The 2020 Twitter Account Takeovers and How They Were Different

The recent Twitter account takeovers that are all over the news right now are yet another entry in the long list of hacks, exploits and security problems that have hit major social media platforms over the years, but this particular attack was different and really piqued my interest. There’s a few reasons for that.

First of all, the number of incredibly popular accounts that were hit (on one of the biggest social media platforms in the world) is absolutely mind-boggling. These sort of takeover attacks have happened plenty of times before, but usually on a far smaller, much more targeted scale (such as the SIM swap attack that hit Twitter CEO Jack Dorsey in 2019 for example). In yesterday’s case, these attackers managed to take over the accounts of some of the biggest companies and some of the richest people in the world on a scale I’ve personally not seen before.

This has been my favourite take on the attack so far

This brings me neatly onto my next point: the actual impact (compared to the potential impact) was far far lower than it could have been. The ability to access almost any account on Twitter could have been used for some serious subterfuge either on a longer-term scale (quietly reading and sending direct messages, selling off access to specific accounts to other malicious actors) or by going all out on a disinformation campaign that would be very hard to recover from. Instead, these attackers fired out a Bitcoin scam that was shut down within a few minutes (although most likely racking up a few Bitcoin in that time) and earned them some serious attention from federal authorities. Hey, maybe they only had a small window to perform this attack, maybe they had other limitations that we don’t know about yet, but if anything an attack being this public and so obviously scammy was one of the best outcomes we could have hoped for given the circumstances.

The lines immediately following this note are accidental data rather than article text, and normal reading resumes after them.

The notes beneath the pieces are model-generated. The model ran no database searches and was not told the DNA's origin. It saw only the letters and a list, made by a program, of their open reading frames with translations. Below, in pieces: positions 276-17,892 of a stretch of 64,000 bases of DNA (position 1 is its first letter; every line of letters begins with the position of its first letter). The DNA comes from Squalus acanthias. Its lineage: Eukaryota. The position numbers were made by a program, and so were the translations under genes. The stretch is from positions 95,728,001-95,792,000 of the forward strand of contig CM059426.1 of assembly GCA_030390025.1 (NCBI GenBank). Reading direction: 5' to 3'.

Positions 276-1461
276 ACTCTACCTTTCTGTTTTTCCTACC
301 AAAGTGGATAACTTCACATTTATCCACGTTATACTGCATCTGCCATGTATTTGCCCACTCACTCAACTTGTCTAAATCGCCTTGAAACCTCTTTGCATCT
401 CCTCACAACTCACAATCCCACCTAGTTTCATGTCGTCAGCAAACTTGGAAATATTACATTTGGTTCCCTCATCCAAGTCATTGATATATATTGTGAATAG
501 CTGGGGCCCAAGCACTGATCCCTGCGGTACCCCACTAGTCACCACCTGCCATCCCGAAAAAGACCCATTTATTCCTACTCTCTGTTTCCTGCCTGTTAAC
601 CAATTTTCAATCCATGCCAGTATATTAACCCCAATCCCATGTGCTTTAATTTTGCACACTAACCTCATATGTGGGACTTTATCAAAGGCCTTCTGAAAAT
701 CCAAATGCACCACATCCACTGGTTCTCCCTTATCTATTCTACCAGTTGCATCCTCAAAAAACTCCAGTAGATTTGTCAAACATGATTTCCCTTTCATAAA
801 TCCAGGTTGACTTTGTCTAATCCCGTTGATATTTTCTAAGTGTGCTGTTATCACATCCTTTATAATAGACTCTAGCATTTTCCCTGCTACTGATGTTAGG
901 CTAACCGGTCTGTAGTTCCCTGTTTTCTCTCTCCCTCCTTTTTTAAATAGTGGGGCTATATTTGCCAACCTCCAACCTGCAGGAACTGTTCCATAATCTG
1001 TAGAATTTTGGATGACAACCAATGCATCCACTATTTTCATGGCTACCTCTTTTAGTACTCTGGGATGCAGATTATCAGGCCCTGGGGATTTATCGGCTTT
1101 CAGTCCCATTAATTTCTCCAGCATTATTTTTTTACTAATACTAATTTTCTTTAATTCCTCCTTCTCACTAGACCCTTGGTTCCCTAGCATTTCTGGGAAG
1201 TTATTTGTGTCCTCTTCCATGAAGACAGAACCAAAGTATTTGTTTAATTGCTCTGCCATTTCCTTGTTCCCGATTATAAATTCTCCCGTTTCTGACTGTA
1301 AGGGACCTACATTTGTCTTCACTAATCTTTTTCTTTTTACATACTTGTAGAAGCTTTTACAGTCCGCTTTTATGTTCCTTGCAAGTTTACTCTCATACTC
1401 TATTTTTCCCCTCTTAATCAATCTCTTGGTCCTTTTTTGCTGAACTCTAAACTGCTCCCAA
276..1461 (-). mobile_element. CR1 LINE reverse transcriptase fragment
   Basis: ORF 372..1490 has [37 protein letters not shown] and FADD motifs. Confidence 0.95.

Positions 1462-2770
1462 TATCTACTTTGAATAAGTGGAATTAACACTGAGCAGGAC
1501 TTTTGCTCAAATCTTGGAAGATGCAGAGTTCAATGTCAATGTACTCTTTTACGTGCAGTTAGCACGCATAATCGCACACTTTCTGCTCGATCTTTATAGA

Next was the approach. This attack used one of the most fruitful yet often overlooked techniques: targeting the employees. Instead of aiming to exploit devices or bypass multifactor authentication, it appears that they managed to get access to an admin console that gave them the metaphorical keys to the castle. Whether this occurred using social engineering, bribery or somehow getting access to employee credentials remains to be seen, but the attackers appear to have used normally legitimate business processes to pull this off.

This means that there was no feasible way for the account owners to prevent this attack; they didn’t get exploited because of an old email connected to their account or because they used a weak password, they were taken over because the attackers got access to a system that could bypass it all.

Which makes me question the lack of oversight that appears to have been in place to prevent something like this. Safeguards such as preventing a single user from performing too many high-risk actions in a short time (e.g. changing email, removing multifactor authentication), or adding additional requirements and signoffs before changes can be made to incredibly large/popular accounts are not only feasible, not having them seems negligent in hindsight. There are many potential safeguards I can think of that either weren’t in place, or were in place and were bypassed or otherwise rendered ineffective.

In the end, I’ve followed a lot of breaches and attacks over the years but this one stands out to me as an excellent case study: on the importance of minimising the powers that any one employee has, on the fact that attacks may originate internally using your own tools and processes maliciously, on the increasing effectiveness of targeting social media platforms for potentially huge payoffs. Hopefully after this companies will take a real look at their processes and ask “could this happen to us?”.

It probably could.

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